USITT to Offer
Sprayer Workshop in 2008
Mixing color in the air -- that's one way master painter Kamillla Nilsson described the art she creates. A professional scenic artist with over 10 years' experience in the United States, Ms. Nilsson is probably best known as an expert with a pneumatic paint sprayer.
At the 48th annual Conference & Stage Expo in Houston in March, she will offer members of USITT an opportunity to learn how to use a very powerful tool most have very little experience with. The Professional Development Workshop (PDW), Pneumatic Sprayer Techniques, will be geared toward all levels of participants. From someone who has never used a sprayer before to those who are seasoned operators, many could benefit from this opportunity to work with this seasoned professional.
After following her sister to the United States from Sweden in the early 1990s, Ms. Nilsson originally planned to study architecture at Santa Monica College. Eventually changing her major to fine arts, it was a required theatre class which introduced her to what she would make her life's work.
Already a talented painter, her abilities were quickly put to use by the theatre department. She says it was the scale and the environment that made the difference to her. Suddenly her paintings were huge and on display for thousands. Best of all, at the end of the run, the work received a proper fate. Her mentor, Mike Tomko, taught her everything he knew about painting for theatre, and she wanted to know more.
After graduation, she studied at Cobalt Studios with Rachel Keebler in White Lake, New York. From there she spent three years in New York City as a professional painter. Ms. Nilsson says it was her familiarity with sprayers that got her many jobs in those days.
On the East Coast, most professional painting is done continental style, with drops or scenery lying on the ground. But in California, in order for a painter to find work, one had to know how to paint up, on a frame, and with sprayers. This ability gave her such opportunities as painting the revival of Cabaret and continuing with the production when it famously converted Studio 54 from a 1970s disco palace into a ruined 1940s Eastern Europe.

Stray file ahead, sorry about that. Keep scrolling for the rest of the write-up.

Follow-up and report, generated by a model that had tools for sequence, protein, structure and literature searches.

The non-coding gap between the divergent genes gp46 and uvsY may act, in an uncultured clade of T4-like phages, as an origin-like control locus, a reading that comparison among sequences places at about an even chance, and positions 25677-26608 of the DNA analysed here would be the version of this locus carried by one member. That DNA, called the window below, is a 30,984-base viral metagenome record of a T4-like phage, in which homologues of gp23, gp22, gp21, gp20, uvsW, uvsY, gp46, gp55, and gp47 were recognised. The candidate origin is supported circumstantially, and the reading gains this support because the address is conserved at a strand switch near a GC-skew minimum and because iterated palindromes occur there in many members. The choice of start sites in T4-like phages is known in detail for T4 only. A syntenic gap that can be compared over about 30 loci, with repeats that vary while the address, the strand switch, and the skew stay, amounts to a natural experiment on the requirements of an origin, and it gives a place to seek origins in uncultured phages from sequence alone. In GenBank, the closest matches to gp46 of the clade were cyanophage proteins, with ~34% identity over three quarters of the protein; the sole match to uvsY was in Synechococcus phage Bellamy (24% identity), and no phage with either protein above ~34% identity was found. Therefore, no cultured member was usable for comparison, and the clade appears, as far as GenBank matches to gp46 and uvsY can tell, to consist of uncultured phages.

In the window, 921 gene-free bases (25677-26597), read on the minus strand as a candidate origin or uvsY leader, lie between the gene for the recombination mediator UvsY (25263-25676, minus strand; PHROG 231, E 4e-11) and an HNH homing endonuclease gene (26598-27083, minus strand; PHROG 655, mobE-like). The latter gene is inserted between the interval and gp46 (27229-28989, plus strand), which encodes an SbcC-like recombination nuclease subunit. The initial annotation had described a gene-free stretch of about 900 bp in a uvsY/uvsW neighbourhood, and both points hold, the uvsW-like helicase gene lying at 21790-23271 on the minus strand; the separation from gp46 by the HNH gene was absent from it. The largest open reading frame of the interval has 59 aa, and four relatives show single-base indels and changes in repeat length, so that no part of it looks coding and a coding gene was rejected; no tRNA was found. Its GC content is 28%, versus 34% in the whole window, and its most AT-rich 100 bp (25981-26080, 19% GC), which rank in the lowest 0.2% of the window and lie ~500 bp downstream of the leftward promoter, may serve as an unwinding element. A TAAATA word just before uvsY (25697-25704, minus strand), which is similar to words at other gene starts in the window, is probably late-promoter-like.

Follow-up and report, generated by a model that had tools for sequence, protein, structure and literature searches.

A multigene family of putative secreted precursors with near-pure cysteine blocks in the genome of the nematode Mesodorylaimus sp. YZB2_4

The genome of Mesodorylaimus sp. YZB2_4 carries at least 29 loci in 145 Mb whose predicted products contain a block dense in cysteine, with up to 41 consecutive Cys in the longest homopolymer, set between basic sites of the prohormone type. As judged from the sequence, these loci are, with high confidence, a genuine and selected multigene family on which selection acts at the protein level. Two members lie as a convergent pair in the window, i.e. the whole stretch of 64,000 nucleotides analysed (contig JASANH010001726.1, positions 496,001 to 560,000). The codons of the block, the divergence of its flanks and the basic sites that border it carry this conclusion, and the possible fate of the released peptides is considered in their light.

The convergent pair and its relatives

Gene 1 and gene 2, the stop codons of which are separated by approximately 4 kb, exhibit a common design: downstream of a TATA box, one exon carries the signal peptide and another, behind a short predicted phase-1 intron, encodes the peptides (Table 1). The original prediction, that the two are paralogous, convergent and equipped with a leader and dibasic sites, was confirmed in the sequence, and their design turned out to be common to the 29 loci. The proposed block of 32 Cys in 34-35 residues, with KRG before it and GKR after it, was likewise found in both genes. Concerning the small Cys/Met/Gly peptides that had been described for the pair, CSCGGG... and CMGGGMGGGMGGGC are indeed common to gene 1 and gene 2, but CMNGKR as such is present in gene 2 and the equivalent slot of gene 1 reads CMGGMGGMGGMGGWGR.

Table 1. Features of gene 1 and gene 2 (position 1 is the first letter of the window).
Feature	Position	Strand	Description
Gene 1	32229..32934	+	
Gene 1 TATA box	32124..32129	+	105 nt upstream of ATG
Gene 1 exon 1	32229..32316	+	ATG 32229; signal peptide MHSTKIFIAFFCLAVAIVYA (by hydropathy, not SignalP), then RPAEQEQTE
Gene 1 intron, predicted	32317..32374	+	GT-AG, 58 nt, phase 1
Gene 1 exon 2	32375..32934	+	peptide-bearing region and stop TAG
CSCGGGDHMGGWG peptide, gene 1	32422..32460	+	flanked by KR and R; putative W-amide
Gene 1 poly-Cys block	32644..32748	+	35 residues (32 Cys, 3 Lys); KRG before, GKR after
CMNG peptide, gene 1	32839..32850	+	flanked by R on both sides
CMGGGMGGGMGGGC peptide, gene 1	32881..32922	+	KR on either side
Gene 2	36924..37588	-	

So what is it that makes painting with guns so special? Are they just another tool, handy for any scenic artist to master like a fitch or a stencil? According to Ms. Nilsson, yes and no.
Sure, no scenic artist can live by brush or gun alone. They should always know what is the appropriate tool for the appropriate job, but the spray gun is special. It will do things a brush cannot. Ms. Nilsson uses phrases like "transitional skies" and "crazy sunsets" when describing her work, and of course, don't forget, "mixing color in the air."
She goes on to describe what she means in terms of the relationship of basic colors living closely on the canvas and influencing one another. Instead of palleting colors, where one lives next to the other, the tiny dots, one existing next to the other, have a way of changing the tone. The product becomes less like a painting and more lifelike.
Since returning to California, Ms. Nilsson has been providing a regular set of workshops for Cobalt Studios and CalArts, teaching students the art and technique of using spray guns for scenic artistry. It is from those workshops the Scenic Design Commission happily provides a curriculum to learn from.
Planned as a full-day experience for all levels, Ms. Nilsson wants to offer first timers an education about not only the techniques she uses on a daily basis, but also provide experience using, maintaining, and operating the equipment. She also looks forward to the opportunity to work with experienced sprayer users who desire feedback and advanced techniques needed to improve skill levels.
Housed in the newly constructed scene shop at the nationally-known Alley Theatre, participants will receive instruction from one of the business's best painters. Participants will not only walk away with a spray gun, but with a sense of confidence to bring this skill to any job, design project, or class.